- Absences contributed to tens of thousands of flight U.S. cancellations since Christmas Eve.
- CEO Ed Bastian said Delta's operation has since stabilized.
- The country's largest flight attendants union criticized Delta's new sick leave policy.
Delta Air Lines CEO Ed Bastian said about 8,000 of its 75,000 employees tested positive for Covid-19 over the last four weeks, absences that marred the company's financial results during a busy holiday travel season.
Delta reported a loss for the quarter and forecast another for the first three months of the year because of the fast-spreading omicron variant, but predicted travel would begin to rebound again in late February.
A series of winter storms and airline crews sidelined by omicron infections contributed to more than 20,000 U.S. flight cancellations industrywide between Christmas Eve and the first week of January. United Airlines CEO Scott Kirby on Monday said 3,000 of its close to 70,000 U.S. employees were positive for Covid.
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Flight cancellations have eased significantly in the past few days. Delta said that its operation has since stabilized and that 1% of its flights were canceled over the past week because of omicron.
The employees who tested positive had "no significant health issues," Bastian said in an interview with CNBC's "Squawk Box" after releasing quarterly results.
Delta late last year updated its sick leave policy for employees who test positive for Covid-19, providing them five days of pay, outside of sick banks, and an additional two days if they test positive on the fifth day. Previously staff had 10 days of paid leave for Covid infections aside from regular sick days. That came after the Centers for Disease Control and Prevention updated its guidelines for Covid quarantining, halving its recommendation to five days.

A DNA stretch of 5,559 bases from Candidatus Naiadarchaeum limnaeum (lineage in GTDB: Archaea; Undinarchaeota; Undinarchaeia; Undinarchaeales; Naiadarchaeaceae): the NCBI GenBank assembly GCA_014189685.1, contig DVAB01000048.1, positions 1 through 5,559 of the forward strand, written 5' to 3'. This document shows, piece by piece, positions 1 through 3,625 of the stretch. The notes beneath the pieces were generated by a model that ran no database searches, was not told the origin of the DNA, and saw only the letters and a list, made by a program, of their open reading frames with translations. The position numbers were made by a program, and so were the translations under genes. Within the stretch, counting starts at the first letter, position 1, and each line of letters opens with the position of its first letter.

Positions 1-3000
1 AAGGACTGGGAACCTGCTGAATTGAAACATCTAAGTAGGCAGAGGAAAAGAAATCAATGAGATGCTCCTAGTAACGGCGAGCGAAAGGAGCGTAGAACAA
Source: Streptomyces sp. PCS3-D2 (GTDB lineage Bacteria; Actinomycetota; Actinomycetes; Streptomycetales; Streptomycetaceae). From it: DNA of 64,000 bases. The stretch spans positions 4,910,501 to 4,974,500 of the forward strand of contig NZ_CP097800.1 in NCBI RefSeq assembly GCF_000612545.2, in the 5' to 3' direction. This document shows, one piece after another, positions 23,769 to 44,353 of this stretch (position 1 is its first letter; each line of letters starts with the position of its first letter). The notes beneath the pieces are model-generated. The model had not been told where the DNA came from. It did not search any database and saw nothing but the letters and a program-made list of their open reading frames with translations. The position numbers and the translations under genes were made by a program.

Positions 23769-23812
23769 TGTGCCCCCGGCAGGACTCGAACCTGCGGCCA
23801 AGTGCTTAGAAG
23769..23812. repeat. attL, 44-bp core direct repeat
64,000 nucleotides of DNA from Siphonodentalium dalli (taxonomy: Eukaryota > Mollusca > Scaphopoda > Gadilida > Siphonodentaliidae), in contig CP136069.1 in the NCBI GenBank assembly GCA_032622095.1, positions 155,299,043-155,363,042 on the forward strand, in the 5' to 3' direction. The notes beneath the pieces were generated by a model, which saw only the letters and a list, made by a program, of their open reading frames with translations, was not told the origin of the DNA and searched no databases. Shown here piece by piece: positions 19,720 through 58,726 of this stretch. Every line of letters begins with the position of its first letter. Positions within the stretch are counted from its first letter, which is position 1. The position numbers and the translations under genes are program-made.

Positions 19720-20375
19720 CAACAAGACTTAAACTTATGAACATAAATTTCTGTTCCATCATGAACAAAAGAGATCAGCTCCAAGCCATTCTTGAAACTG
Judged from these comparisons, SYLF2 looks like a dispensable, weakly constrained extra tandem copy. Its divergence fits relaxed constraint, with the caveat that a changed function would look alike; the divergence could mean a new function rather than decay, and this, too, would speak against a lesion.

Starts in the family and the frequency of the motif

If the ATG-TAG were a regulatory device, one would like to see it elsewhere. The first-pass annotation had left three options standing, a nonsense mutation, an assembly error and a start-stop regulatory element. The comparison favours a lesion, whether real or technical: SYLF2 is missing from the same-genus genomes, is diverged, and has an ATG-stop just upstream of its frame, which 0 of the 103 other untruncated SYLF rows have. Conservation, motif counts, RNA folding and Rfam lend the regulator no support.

Delta and other airlines had urged the CDC to make the change.
The largest U.S. flight attendants union criticized Delta's policy. Sara Nelson, president of the Association of Flight Attendants, tweeted last week that Delta "is telling workers across work groups that they should come to work w/ symptoms even if someone in the household tested positive." She also said that positive workers were told to "come to work after 5 days if the fever is below 100.9, even if still testing positive."
Delta issued a cease-and-desist letter to the union over its president's comments. The union is trying to organize the airline's flight attendants, one of the last nonunion flight attendant groups in the U.S.
Bastian defended the policy and said it was based on CDC guidance.